IBM Research | Ponder This | October 2002 solutions
Skip to main content

October 2002

<<September October November>>

The answer depends on whether M and N are even or odd.

Let X=(M-1)/M, and let ** denote exponentiation.
Let F(M,N) be the desired probability.

If N is even and M is even,
F(M,N) = M/(2M-1) - (1/(4M-2))*X**(N-M).

If N is odd and M is even,
F(M,N) = (M-1)/(2M-1) - (1/(4M-2))*X**(N-M).

If N is even and M is odd,
F(M,N) = M/(2M-1) - (1/(4M-2))*X**(N-M+1).

If N is odd and M is odd,
F(M,N) = (M-1)/(2M-1) - (1/(4M-2))*X**(N-M+1).

One way of attacking the problem is to take each even integer 2k less
or equal to N, and compute the probability that it 2k the last player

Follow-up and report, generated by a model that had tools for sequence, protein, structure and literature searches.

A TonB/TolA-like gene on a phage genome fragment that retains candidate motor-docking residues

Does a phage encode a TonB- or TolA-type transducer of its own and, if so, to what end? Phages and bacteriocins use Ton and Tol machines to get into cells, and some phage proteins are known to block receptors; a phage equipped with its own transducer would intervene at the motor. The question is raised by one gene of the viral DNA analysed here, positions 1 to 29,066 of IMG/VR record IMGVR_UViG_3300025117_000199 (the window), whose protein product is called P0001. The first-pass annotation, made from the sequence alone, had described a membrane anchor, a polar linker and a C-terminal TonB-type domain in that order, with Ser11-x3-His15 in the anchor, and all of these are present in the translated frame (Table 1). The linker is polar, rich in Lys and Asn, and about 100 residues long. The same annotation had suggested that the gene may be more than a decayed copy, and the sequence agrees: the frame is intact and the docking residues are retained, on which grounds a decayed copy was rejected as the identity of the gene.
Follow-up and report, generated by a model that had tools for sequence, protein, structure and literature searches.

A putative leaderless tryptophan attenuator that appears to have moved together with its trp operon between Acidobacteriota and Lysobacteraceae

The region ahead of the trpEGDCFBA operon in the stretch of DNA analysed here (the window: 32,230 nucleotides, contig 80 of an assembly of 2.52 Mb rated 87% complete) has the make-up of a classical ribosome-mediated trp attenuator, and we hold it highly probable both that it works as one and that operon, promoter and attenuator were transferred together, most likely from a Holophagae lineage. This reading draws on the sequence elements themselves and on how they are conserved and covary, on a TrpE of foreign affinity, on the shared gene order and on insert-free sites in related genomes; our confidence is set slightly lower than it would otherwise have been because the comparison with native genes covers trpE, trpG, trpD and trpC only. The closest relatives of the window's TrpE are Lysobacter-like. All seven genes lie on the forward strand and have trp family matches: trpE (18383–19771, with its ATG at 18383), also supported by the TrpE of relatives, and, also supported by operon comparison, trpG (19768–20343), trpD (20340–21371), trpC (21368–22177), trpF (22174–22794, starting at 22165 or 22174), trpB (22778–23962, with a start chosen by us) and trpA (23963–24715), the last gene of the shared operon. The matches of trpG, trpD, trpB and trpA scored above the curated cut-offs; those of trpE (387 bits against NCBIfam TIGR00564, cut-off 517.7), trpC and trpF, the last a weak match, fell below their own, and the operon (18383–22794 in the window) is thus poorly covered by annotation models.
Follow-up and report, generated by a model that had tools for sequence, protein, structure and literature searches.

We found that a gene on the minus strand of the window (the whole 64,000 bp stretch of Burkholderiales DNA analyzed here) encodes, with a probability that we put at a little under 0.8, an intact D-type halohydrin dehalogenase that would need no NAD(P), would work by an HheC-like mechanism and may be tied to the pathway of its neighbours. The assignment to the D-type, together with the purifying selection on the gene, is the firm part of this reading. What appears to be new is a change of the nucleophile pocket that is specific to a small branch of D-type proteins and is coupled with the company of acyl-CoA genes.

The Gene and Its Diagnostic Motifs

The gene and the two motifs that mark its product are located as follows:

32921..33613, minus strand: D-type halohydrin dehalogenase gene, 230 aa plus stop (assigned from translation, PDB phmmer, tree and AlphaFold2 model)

chosen, namely (1/M) * ((M-1)/M)**(N-2k) if 2k is at least M, and
(1/M) * ((M-1)/M)**(N-M) if 2k is smaller than M, and then sum that;
part of the sum will be a geometric series, and part will be just a
multiple of the (1/M) * ((M-1)/M)**(N-M) term, with the dependence on
parity of M and N showing up in the limits of the sums.

Another way is to fix M (either even or odd) and use induction on N.
Use N=M as the base case.
For N>M, compute F(M,N) from F(M,N-1) by saying that with probability
(1/M) player N is the last one to exit, and with probability (M-1)/M,
the last player chosen was one of the other M-1 players in that last
game, and the probability that this player has an even number is the
same as F(M,N-1).

If you have any problems you think we might enjoy, please send them in. All replies should be sent to: